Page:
Edgar Allan Poe's comic short story The Spectacles shows how disillusioned one gets when one refuses to wear eyeglasses. Even an 82 years old toothless woman the protagonist of the story sees in an opera house appears to be an epitome of beauty. In his vanity he rejects suggestion to use spectacles before they meet, courtesy of mediation of a friend. He is taught a lesson by the old woman who actually happens to be the great-great-grandmother who agrees to marry him and arranges a mock wedding on making him promise to wear glasses on the wedding night. Upon wearing his spectacles, the doting young man discovers, to his horror, the truth. The story though ends happily when a young woman accompanying the old lady and the disappointed man get married.
People in the middle age or some a little later encounter a second juvenile phase because their eyesight becomes poorer. However, most such people by that time have already become habituated to living with their life-partners, children or even grandchildren. Vanity does not quite get the better of such persons and they learn to take life as usual. But prospective bachelors cannot be blamed for feigning they do not suffer from myopia or weak vision.
How confusing sight gives rise to jumbled thoughts has been dealt with multifarious psychological effects in a number of short stories. In one such story The Adventure of a Nearsighted Man by Italo Calvino the protagonist undergoes phases of alternate disappointment and ecstasy only because of using spectacles or not. At one point his preference for thick and dark glass frames make him an alien to all -even to his sweetheart for whom he once left his own small town and now returns to as a successful man in life's station. He abandoned his earlier spectacles because those were light, thin and he thought gave him a female countenance which he hated. Here the ending is not like that of Poe. Frustrated the man proceeds to the less frequented periphery of the town where he gazes blankly in the night's darkness like the grey manuscript of life.
No wonder the role of spectacles cannot be overemphasised! An empire of spectacles -so far as their business is concerned -has been built worldwide capitalising on an increasing number of people developing poor vision at an early age. With computer, smartphones and other optical gadgets demanding more and more time from both young and old people, the market of eyeglasses and stylish frames is expanding fast. Even footpath vendors dealing in readymade spectacles come handy when someone forgets to carry reading glasses or those used for work on computer. The Chinese mark glasses with varying minus or plus powers. One can choose a pair as closer to the power one needs from such footpath vendors.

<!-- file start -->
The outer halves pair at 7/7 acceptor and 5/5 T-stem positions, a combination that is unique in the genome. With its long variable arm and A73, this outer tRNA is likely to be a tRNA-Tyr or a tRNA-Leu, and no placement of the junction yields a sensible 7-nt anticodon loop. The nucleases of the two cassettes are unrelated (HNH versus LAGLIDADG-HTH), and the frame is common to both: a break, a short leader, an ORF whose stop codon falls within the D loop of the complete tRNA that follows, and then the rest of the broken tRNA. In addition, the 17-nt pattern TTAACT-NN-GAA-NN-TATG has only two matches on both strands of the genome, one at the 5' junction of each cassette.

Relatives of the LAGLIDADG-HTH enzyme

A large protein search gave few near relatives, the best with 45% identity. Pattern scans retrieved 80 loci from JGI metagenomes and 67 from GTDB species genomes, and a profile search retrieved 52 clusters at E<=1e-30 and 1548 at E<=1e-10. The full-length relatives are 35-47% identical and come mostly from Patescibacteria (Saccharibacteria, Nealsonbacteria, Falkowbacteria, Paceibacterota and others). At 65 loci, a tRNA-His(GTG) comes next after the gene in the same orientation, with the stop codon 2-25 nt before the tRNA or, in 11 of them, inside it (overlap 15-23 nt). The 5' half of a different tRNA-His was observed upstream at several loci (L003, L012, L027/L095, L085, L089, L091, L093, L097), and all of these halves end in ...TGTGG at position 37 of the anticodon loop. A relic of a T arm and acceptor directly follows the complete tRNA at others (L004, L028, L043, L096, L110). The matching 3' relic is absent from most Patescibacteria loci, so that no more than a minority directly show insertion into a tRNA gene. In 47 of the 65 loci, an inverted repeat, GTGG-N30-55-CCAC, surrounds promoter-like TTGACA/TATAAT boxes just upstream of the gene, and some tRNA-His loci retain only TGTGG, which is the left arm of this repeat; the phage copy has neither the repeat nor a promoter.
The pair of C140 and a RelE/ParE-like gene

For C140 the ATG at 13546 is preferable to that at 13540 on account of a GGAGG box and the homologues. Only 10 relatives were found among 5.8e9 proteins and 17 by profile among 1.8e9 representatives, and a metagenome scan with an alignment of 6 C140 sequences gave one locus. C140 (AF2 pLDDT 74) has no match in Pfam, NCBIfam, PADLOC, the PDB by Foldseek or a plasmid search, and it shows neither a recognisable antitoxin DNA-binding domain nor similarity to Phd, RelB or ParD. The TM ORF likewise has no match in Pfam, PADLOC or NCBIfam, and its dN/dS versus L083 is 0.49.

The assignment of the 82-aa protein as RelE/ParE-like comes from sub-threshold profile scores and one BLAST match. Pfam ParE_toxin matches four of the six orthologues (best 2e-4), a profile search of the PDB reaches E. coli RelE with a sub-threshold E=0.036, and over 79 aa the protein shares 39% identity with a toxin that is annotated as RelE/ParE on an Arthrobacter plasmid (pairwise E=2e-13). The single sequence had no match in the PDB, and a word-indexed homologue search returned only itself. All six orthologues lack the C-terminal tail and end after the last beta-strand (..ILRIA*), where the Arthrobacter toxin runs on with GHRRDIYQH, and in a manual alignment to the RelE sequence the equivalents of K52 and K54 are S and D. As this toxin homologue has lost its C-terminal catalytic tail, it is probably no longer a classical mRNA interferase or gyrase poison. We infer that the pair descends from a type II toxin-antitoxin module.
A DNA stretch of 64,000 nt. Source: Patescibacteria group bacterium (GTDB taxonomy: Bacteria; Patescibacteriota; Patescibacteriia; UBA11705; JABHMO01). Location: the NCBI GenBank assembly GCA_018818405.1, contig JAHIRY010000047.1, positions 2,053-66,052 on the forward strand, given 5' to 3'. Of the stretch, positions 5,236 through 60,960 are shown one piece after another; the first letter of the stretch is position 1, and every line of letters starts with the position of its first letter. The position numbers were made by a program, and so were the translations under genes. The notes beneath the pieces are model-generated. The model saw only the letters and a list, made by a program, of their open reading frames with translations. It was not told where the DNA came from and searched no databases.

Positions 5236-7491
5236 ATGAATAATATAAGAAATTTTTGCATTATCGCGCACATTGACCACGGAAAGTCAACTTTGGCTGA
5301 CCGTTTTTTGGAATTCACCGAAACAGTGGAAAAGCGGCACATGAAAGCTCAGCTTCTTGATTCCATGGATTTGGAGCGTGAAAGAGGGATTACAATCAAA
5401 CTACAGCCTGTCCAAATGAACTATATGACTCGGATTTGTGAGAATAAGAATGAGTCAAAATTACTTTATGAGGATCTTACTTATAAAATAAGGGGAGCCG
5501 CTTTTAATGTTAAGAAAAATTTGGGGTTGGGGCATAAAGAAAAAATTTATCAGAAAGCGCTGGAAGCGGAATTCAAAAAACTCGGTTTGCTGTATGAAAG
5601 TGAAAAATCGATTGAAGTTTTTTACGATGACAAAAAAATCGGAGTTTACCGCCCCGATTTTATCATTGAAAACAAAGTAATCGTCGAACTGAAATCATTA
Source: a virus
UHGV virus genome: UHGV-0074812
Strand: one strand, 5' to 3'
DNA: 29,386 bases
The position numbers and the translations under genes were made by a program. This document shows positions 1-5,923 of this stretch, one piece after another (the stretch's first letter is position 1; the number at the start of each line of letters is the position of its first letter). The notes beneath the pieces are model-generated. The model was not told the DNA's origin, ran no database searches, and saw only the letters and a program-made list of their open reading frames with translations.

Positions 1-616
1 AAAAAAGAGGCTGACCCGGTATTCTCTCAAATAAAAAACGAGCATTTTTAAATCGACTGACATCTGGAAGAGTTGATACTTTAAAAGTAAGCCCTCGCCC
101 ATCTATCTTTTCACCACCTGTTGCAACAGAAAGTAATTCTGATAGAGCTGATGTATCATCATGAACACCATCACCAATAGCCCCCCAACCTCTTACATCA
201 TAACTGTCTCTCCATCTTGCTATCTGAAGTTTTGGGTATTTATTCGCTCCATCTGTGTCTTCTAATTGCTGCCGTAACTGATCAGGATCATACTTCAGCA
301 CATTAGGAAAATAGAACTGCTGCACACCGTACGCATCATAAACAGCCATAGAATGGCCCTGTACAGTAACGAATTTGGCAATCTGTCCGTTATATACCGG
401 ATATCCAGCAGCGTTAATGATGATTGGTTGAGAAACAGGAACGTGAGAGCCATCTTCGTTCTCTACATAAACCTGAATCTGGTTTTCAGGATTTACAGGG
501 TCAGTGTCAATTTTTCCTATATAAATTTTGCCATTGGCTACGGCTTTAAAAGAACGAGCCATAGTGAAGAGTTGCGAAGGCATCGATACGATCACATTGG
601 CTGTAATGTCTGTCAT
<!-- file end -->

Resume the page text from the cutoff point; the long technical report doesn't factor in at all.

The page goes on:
In such day-to-day business, there is no involvement of emotion or passion. As in the stories, the Cupid's arrow does not strike one's heart with or without spectacles. Sure enough, spectacles can heighten one's personality and conversely make one look like an effeminate character. But then glasses can regulate or deregulate human passion and emotion depending on the visual effect they produce. Those who lack powerful eyesight have to take help of spectacles in order to get a genuine form of the persons they crave after.
However, many would resent the fact that spectacles would assume such a decisive role either in making one highly agreeable or impressive in another's eyes. Even the person looking charming in glasses may hate it because those have become an integral part of him or her. Glasses are but artificial objects and even eyes are considered insufficient means to probing deep. It is the mind that explores the deepest reaches of heart. Mind is what develops an insight into all things abstract. On that count spectacles can be an aid to eyes but never an alternative to mind.
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